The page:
Fossil discovery in the Alps: Insights on ancient deep-sea creaturesFossil discovery in the Alps: Insights on ancient deep-sea creatures
The largest yet least studied ecosystem on Earth the deep sea has fascinated mankind for ages. There is an ongoing controversy whether deep-sea organisms are living fossils or, in contrast, descended from their shallow-water ancestors in geologically recent times. Because fossils of deep-sea organisms become increasingly rare with increasing geological age, the debate remains unsettled.
The hypothesis that the deep-sea fauna has been repeatedly eradicated by mass extinctions and was subsequently replaced by newcomers from shallow seas has gained popularity in recent years. Yet, the claim could not be properly tested due to the lack of fossil evidence.
Now an international team of palaeontologists made a spectacular discovery: in 180 million year old deep-water rocks exposed in the Austrian Alps near Salzburg, they found nearly 70 different species of fossil deep-sea creatures. A comparison to their living relatives shows that although living in the deep sea does indeed provide shelter against extinction, it is not an evolutionary dead end for species that failed to stand the stiff competition in shallow coastal seas. Quite the contrary, the study, published in the renowned scientific journal Proceedings of the Royal Society B, indicates that there has been a lively exchange of biodiversity between shallow seas and the deep ocean.
The now discovered fossils belong to sea urchins, sea stars, brittle stars, sea lilies, snails, and lamp shells, all of which are common and diverse in the deep sea today. But how could these deep-water fossils end up in the Alps? Plate tectonics, explains Ben Thuy, lead author of the study and currently working at the Natural History Museum in Luxembourg, made deposits of the ancient ocean floor emerge and being folded into a mountain chain.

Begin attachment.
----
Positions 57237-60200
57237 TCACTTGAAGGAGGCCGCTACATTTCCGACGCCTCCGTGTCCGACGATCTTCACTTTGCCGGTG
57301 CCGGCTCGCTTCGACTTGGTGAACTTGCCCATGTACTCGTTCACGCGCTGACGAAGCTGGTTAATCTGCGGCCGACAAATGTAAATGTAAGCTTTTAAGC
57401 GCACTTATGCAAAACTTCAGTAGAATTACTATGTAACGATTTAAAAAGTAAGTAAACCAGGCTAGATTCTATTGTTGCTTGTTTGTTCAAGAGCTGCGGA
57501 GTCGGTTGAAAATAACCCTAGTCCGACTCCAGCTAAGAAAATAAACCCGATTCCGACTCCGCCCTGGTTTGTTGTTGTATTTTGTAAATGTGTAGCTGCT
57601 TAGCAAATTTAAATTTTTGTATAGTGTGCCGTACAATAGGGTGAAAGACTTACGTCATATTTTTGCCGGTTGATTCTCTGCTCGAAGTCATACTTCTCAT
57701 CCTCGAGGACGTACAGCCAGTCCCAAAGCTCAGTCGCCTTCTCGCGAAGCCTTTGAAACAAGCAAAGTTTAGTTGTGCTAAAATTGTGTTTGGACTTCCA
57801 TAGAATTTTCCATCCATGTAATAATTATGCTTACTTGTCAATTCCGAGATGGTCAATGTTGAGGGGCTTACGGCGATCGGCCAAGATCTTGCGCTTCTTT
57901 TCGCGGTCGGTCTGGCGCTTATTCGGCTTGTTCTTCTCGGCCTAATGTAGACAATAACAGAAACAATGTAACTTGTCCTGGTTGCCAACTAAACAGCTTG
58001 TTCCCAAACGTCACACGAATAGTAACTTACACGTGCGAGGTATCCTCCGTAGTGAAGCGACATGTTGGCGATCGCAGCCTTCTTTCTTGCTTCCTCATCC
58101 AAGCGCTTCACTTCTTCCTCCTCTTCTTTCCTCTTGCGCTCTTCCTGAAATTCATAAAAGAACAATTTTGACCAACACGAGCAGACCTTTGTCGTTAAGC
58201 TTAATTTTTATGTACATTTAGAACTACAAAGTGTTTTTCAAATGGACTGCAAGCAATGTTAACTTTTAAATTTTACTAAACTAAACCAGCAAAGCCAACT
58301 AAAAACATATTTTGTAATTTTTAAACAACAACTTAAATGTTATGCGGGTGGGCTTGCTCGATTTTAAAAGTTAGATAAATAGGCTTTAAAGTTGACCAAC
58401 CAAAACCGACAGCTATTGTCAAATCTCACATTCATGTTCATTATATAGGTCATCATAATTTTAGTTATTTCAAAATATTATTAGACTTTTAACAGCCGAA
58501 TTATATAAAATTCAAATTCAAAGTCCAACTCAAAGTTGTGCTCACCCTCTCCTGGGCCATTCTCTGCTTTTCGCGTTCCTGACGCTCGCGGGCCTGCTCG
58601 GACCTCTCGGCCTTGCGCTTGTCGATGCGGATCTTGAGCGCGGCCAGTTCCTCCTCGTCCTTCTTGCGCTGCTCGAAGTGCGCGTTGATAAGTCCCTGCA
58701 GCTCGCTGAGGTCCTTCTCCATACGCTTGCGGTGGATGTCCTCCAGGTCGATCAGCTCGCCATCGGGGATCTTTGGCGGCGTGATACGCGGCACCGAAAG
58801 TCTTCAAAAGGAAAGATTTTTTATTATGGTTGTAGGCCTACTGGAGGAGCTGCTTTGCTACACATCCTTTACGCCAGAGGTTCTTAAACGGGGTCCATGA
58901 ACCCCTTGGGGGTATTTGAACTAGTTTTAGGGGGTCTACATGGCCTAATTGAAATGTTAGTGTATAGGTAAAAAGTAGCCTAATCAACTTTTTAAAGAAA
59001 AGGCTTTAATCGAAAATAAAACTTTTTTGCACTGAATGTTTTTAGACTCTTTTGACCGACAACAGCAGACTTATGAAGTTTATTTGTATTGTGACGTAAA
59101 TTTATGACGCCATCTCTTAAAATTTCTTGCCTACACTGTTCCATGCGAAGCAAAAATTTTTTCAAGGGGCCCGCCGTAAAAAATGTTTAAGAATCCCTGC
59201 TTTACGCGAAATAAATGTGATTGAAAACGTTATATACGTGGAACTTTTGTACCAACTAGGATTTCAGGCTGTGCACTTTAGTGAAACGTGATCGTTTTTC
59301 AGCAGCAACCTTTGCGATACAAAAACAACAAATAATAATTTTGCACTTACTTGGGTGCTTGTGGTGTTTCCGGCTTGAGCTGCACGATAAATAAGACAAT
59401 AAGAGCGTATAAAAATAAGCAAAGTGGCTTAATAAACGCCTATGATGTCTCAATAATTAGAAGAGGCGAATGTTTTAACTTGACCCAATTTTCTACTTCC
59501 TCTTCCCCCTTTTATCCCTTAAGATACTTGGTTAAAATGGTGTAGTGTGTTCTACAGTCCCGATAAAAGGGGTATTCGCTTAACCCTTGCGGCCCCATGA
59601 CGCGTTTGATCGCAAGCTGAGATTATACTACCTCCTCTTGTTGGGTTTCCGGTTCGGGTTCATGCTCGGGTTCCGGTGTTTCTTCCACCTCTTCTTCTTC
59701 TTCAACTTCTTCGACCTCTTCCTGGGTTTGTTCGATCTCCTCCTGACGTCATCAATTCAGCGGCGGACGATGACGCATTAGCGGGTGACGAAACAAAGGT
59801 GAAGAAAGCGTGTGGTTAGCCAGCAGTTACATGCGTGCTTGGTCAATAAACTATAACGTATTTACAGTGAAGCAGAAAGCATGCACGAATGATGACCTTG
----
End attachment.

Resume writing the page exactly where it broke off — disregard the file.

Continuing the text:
Several of the fossil species investigated by Ben Thuys team are the oldest of their kin older than their fossil relatives from shallow-water rocks. This implies that the creatures in question evolved in the deep sea rather than being invaders from shallow waters, as previously assumed. Indeed, many of the fossils now discovered in the Alps belong to families that lived in the deep sea for many million years but left no trace in the shallow-water rock record.
The new fossil locality provides a unique view on the composition of deep water faunas 180 million years ago. Then, like today echinoderms, such as brittle stars, sea lilies and sea urchins formed an important part of the deep water assemblages says co-author of the study, Andreas Kroh, an expert for fossil echinoids at the Natural History Museum Vienna. The deep sea evidently plays a much greater role in generating as well as sheltering marine biodiversity than previously assumed. Thus, it is all the more important to critically assess the impact of trawling and incipient deep-sea mining efforts on life in the deep-sea, adds Ben Thuy.